This summer I survived the two most devastating realities I have experienced since my father's death in 1980. The first was anguishing in its inevitability: my 31 year old brother's death from the cancer that stalked him for seven years. The second was worsened by its utter uselessness and avoidability: the deliberate way virtually every friend and acquaintance, save my very closest, has avoided and ignored me during this time of grief.
I do not believe that those who knew about Al's death did not worry about me and my family. It is likely that many were concerned. But I know that most of my friends are young, and have not yet had a close family member die. Death is scary or unreal, and few can envision themselves in the position I have been in twice. In a word, they are ignorant about my feelings and how to react to them.
A few of the braver approached me with hearty, superficial greetings that suggested my absence but not its cause: "Well hello, nice to see you back" or "So school's about to start, are you ready?" This was, for all its well meaning, very painful for me. I felt these people were using trivialities as a way of saying, "These things are more important than his death, and I'm more concerned about today's weather than how terrible you feel." With uneasy smiles on their faces, these people made me feel like a fool.
To a few, I said, "Perhaps you didn't know my brother died." The response was a muffled, "Oh, yes... I'm sorry." I stopped volunteering this information: it was awful to realize that these people, through all the banality, knew about Albert, and said nothing. Some people undoubtedly kept silent in the hopes that I would approach them to talk and they could then be duly supportive. This was a gross error of judgment. I needed to have friends voluntarily open their hearts in sympathy, as I was feeling vulnerable and afraid that those I turned to might turn me away. To me, the silence said, "Leave me alone, I don't care."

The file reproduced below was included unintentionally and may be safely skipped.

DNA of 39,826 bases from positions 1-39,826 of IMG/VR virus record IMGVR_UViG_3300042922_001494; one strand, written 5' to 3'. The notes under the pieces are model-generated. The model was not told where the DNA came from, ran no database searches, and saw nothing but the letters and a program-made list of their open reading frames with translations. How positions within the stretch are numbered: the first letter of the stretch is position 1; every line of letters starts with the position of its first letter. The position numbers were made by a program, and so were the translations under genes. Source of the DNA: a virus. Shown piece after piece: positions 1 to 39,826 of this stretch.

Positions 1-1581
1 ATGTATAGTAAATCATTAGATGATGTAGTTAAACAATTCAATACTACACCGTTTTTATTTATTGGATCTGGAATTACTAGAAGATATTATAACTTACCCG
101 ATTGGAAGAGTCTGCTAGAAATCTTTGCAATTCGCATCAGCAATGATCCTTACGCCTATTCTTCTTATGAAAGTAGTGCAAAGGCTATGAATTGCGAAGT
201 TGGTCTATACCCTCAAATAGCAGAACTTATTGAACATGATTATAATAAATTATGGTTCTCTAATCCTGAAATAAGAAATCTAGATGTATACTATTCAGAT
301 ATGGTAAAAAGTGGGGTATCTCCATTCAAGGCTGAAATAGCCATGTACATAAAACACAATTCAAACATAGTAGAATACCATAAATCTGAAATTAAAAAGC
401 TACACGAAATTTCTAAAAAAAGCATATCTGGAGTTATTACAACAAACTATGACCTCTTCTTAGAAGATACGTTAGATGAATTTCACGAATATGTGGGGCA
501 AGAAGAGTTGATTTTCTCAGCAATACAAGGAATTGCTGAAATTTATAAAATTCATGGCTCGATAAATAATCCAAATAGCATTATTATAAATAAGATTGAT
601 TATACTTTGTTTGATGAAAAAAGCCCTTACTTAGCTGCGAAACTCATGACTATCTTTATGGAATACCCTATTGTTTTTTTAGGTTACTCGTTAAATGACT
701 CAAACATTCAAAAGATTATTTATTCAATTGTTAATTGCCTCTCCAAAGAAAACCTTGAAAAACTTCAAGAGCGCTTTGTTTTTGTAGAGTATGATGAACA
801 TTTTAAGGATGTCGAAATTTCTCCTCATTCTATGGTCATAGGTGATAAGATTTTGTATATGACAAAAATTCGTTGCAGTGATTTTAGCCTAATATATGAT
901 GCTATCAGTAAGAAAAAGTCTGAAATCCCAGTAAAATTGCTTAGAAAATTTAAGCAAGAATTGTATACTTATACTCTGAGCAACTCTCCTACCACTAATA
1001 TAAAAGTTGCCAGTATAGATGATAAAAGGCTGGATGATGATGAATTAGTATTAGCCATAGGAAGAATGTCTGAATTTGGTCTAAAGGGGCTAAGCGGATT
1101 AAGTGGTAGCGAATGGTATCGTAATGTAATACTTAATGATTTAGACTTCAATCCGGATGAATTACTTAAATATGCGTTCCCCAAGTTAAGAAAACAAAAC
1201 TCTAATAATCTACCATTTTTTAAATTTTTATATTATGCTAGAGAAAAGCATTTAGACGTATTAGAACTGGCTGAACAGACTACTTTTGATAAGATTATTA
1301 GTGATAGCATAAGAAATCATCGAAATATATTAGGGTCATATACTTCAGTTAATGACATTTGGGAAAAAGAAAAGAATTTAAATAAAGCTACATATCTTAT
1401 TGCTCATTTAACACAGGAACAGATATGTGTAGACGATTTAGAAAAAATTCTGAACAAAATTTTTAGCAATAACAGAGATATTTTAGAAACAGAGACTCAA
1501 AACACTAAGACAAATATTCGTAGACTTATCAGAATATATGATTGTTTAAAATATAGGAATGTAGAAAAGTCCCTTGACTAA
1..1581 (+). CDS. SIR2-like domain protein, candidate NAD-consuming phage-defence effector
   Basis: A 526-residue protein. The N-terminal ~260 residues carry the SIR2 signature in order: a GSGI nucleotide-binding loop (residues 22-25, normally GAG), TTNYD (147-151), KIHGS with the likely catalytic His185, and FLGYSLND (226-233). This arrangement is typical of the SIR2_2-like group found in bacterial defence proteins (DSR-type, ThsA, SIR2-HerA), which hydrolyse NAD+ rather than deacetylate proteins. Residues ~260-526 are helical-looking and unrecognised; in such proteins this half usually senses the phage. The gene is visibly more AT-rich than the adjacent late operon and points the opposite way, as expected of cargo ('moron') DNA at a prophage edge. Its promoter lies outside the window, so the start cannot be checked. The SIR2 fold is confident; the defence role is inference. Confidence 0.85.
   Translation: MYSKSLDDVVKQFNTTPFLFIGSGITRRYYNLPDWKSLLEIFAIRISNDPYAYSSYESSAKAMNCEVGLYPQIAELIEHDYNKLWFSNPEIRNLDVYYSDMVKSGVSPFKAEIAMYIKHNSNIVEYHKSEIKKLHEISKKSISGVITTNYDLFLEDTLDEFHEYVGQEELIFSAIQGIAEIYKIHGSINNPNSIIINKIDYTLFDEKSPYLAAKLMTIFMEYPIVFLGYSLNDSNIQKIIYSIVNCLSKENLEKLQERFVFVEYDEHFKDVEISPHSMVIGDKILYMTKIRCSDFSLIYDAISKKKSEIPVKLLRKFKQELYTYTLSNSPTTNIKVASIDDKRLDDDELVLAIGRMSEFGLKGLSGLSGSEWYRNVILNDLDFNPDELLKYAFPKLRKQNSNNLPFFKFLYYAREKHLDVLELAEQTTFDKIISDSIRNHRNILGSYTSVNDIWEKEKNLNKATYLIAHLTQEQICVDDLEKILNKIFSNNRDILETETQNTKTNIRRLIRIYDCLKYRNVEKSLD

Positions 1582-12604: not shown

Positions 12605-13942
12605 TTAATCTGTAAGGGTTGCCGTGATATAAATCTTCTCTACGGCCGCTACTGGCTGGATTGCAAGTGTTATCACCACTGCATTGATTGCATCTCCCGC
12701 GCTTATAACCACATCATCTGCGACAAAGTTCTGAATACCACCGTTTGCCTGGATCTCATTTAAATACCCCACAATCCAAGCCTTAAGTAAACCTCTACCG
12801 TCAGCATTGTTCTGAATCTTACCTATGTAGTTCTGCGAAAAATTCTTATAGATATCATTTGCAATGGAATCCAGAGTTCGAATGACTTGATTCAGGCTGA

Still others made efforts to engage me in conversation, as long as I was able to be cheerful and not talk about Albert. To these people, my casual comment like, "Oh, I remember when Albert and I visited that person" was nervously ignored and met by an embarrassed silence. I needed to be able to remember my brother reflectively, without self- consciousness or shame. And even close friends could not understand that waves of grief, anger and depression affected me in ways I myself could not understand. How I needed their patience and support, their faith that I was angry at Death, and not at them.
My grief is now settling into the long depression that is a necessary step to healing. But every week, people on campus - maybe your friend or roommate - also face the unthinkable tragedy in a place where youth can lead people to feel immortal. These people need your support, and it's not hard to give it to them. If someone you know, whether closely or just vaguely, is bereaved, please don't be shy or afraid. Take the initiative, walk up, look into his or her eyes and say, "I am so sorry to hear about the death." (Only one person did this to me. Though I was not particularly close to him, his generosity moved me to tears.)
You need not give your philosophy on tragedy in life or your favorite remedy for depression. The bereaved person does not expect or want this. And if you consider yourself to be a close friend of the bereaved person, now is your chance to prove it. Listening - not avoiding the bereaved's sadness or being afraid to have the friend cry to you - is essential. If your friend does cry, consider yourself lucky that he or she is comfortable enough to share these deep emotions with you.
And don't try to stop the tears - they are also a step to healing and must flow freely. If you feel anger or hostility directed at you, take comfort that anger and grief are interconnected. The friend is not angry at you, it is simply his desperate attempt to justify or focus the waves of anger and desolation that surge uncontrollably through him. If the bereaved are surrounded by people who care, the grieving process is made less bitter and devastating. Yet caring and concern for your friend is meaningless unless you directly tell her that you do care.
I understand that Dad and Albert had no intention of abandoning me, that they left me through no power of their own. The intentions of my silent friends are much less clear. Remember this: Just say, "I heard, and I'm sorry."
- Chicago, 1987